There is a diamond there, and I have devoted a fair amount of my life to contemplating it, but getting it in hand requires that we remain true to the deepest principles of scientific skepticism and make no obeisance to tradition. Readers who are loyal to any one spiritual tradition or who specialize in the academic study of religion, may view my approach as the quintessence of arrogance. I consider it, rather, a symptom of impatience. There is barely time enough in a book—or in a life—to get to the point. Just as a modern treatise on weaponry would omit the casting of spells and would very likely ignore the slingshot and the boomerang, I will focus on what I consider the most promising lines of spiritual inquiry.

My hope is that my personal experience will help readers to see the nature of their own minds in a new light. I share the concern, expressed by many atheists, that the terms spiritual and mystical are often used to make claims not merely about the quality of certain experiences but about reality at large. Far too often, these words are invoked in support of religious beliefs that are morally and intellectually grotesque. Consequently, many of my fellow atheists consider all talk of spirituality to be a sign of mental illness, conscious imposture, or self-deception.

This is a problem, because millions of people have had experiences for which spiritual and mystical seem the only terms available. Many of the beliefs people form on the basis of these experiences are false. The human mind does, in fact, contain vast expanses that few of us ever discover. And there is something degraded and degrading about many of our habits of attention as we shop, gossip, argue, and ruminate our way to the grave.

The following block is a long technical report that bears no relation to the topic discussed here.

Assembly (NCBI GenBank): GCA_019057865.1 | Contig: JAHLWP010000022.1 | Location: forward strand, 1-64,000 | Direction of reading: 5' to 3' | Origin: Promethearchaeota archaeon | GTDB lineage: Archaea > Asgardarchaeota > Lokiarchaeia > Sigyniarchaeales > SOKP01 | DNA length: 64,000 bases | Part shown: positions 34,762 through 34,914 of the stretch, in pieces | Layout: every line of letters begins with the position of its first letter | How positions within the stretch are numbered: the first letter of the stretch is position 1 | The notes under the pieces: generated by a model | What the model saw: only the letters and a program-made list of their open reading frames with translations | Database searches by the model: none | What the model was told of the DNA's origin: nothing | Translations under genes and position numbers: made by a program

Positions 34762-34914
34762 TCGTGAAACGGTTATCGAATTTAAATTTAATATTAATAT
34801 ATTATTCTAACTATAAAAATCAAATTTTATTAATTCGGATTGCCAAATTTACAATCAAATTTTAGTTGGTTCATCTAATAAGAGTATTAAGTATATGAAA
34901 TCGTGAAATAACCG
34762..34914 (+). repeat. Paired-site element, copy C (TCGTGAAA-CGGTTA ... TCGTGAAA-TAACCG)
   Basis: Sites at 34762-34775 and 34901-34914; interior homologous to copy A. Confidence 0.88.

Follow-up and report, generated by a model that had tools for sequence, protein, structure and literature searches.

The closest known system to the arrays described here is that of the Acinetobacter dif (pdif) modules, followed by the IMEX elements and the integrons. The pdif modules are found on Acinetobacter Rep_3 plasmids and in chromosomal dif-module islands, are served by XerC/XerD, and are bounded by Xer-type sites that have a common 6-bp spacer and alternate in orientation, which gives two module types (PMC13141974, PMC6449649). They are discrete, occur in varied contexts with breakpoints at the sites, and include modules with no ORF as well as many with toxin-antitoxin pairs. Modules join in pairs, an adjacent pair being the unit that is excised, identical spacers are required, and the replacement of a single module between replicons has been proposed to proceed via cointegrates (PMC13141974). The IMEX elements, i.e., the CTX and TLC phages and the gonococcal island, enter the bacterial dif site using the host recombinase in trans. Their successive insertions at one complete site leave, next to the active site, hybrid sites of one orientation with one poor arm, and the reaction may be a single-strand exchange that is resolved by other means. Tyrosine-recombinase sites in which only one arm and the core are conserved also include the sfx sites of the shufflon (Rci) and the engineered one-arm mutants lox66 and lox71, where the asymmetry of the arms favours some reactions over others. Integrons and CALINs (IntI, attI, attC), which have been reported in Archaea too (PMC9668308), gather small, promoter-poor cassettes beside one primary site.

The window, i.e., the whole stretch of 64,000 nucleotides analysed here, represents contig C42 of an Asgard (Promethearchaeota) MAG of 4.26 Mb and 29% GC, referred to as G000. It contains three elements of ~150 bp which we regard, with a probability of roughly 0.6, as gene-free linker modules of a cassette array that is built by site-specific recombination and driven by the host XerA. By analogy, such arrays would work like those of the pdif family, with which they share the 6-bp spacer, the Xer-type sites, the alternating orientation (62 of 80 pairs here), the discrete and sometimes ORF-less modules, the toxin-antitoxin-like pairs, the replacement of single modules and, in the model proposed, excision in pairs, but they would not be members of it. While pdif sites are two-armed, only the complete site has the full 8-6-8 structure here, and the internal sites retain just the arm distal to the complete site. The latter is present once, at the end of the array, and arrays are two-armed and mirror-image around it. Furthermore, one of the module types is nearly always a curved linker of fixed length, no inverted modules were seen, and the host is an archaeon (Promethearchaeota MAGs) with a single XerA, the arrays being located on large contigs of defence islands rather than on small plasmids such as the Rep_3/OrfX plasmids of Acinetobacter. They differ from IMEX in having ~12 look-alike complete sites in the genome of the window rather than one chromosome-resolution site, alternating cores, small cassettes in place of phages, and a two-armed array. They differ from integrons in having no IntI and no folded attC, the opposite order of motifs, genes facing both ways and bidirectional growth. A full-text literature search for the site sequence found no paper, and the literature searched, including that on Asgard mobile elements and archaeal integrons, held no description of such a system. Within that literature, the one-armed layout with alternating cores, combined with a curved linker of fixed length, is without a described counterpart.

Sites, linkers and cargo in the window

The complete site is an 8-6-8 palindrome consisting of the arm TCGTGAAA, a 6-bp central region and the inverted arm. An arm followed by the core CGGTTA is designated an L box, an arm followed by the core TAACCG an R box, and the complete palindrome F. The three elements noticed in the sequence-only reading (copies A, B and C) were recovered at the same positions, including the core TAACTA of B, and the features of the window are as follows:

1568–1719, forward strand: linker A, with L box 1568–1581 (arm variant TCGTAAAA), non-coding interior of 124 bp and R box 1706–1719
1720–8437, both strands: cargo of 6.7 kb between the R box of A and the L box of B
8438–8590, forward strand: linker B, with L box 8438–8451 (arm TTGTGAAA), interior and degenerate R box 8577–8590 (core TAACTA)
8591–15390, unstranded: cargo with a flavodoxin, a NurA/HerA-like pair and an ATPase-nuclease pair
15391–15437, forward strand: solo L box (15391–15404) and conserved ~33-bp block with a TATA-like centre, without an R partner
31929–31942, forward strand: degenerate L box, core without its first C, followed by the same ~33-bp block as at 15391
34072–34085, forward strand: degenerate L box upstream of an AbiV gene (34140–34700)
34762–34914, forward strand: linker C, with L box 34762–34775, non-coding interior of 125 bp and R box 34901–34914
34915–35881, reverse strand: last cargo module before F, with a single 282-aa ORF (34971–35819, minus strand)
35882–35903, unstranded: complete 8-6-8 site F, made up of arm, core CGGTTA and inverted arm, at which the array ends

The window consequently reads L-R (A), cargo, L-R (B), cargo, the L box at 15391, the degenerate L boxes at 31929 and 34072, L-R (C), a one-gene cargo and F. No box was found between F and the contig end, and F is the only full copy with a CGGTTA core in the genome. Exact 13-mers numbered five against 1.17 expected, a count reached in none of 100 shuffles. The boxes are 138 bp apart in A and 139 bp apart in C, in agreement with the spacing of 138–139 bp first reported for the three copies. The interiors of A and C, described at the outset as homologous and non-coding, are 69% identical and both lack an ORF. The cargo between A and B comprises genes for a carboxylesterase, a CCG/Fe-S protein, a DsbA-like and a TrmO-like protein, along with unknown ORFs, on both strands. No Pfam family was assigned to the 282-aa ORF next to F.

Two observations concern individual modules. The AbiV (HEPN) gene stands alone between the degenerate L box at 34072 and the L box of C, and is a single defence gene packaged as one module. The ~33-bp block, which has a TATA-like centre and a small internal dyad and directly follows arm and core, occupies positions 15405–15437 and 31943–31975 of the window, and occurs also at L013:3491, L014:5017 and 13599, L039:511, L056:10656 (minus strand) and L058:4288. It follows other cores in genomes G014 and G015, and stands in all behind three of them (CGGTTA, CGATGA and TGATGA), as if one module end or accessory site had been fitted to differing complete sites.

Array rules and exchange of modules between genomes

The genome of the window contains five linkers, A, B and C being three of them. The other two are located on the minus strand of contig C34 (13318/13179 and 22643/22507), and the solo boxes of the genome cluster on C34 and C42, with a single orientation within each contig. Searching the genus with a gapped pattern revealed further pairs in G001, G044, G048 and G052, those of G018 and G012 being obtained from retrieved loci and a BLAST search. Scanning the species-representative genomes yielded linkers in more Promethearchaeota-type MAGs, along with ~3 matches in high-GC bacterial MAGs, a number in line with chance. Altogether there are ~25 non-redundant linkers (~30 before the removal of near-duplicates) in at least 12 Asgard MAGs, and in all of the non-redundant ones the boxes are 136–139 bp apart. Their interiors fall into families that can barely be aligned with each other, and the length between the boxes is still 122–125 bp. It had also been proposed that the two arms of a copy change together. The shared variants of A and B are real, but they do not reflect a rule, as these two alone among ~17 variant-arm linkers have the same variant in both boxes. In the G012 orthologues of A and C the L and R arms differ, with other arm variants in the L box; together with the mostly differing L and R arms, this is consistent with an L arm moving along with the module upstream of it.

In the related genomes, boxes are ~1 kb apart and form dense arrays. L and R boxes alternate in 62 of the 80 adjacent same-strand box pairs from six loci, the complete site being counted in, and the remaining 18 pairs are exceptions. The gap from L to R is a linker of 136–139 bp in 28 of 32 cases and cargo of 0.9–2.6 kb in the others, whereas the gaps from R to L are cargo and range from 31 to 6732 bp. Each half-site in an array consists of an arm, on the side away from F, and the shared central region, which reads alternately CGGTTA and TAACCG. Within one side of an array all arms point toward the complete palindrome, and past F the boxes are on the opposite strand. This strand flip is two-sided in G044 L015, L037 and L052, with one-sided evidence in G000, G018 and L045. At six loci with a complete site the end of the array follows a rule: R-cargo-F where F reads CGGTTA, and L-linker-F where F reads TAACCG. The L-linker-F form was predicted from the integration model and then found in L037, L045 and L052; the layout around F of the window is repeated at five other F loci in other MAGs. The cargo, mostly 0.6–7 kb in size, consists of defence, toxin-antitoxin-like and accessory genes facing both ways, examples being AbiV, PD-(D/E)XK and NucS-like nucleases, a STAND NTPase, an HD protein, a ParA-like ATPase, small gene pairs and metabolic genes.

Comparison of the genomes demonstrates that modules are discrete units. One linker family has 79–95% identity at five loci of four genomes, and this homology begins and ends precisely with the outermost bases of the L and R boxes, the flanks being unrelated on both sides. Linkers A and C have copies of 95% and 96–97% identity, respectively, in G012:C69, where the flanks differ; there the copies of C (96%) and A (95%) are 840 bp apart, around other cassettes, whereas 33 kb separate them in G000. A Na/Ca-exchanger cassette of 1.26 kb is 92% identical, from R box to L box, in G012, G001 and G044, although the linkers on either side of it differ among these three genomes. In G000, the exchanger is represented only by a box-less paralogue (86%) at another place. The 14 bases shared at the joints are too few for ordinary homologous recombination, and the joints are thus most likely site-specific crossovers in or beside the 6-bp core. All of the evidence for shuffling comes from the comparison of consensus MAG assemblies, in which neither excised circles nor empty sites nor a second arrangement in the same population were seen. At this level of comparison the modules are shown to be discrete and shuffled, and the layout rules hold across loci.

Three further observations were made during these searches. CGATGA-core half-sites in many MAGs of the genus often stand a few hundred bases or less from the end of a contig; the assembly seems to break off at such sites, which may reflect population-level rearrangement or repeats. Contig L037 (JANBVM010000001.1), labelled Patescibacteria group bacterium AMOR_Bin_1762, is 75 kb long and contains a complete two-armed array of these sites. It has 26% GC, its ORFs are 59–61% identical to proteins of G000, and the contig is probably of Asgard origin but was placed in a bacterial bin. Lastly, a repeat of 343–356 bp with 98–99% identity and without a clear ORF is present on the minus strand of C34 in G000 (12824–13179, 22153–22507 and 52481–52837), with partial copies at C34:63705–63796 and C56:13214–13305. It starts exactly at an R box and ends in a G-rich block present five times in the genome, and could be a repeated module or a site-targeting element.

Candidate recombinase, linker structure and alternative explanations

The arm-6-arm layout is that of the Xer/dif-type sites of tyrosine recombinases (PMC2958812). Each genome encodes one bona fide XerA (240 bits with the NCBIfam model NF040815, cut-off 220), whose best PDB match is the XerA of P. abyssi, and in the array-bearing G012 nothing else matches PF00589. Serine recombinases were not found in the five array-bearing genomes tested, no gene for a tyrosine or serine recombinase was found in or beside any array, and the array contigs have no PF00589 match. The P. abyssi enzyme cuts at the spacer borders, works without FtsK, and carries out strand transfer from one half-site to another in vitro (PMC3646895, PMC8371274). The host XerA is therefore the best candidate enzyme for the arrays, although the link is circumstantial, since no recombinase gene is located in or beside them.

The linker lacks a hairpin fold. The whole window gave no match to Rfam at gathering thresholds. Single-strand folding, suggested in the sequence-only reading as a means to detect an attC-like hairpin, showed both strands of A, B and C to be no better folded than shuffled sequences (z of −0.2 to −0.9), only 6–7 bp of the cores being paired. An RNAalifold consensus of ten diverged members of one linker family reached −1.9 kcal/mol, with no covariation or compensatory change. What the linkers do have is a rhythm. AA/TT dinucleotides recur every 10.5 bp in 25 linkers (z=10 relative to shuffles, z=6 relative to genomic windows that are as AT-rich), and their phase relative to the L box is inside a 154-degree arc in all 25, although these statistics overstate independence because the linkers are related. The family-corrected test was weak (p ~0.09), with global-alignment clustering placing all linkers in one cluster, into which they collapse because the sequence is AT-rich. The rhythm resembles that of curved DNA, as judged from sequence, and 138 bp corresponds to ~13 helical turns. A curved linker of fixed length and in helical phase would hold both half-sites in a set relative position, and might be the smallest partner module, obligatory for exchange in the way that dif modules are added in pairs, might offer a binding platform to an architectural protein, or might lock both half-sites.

Perhaps I should speak only for myself here: It seems to me that I spend much of my waking life in a neurotic trance.

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My experiences in meditation suggest, however, that an alternative exists. It is possible to stand free of the juggernaut of self, if only for moments at a time. Most cultures have produced men and women who have found that certain deliberate uses of attention—meditation, yoga, prayer—can transform their perception of the world.

Their efforts generally begin with the realization that even in the best of circumstances, happiness is elusive. We seek pleasant sights, sounds, tastes, sensations, and moods. We satisfy our intellectual curiosity. We surround ourselves with friends and loved ones. We become connoisseurs of art, music, or food. But our pleasures are, by their very nature, fleeting. If we enjoy some great professional success, our feelings of accomplishment remain vivid and intoxicating for an hour, or perhaps a day, but then they subside.

And the search goes on.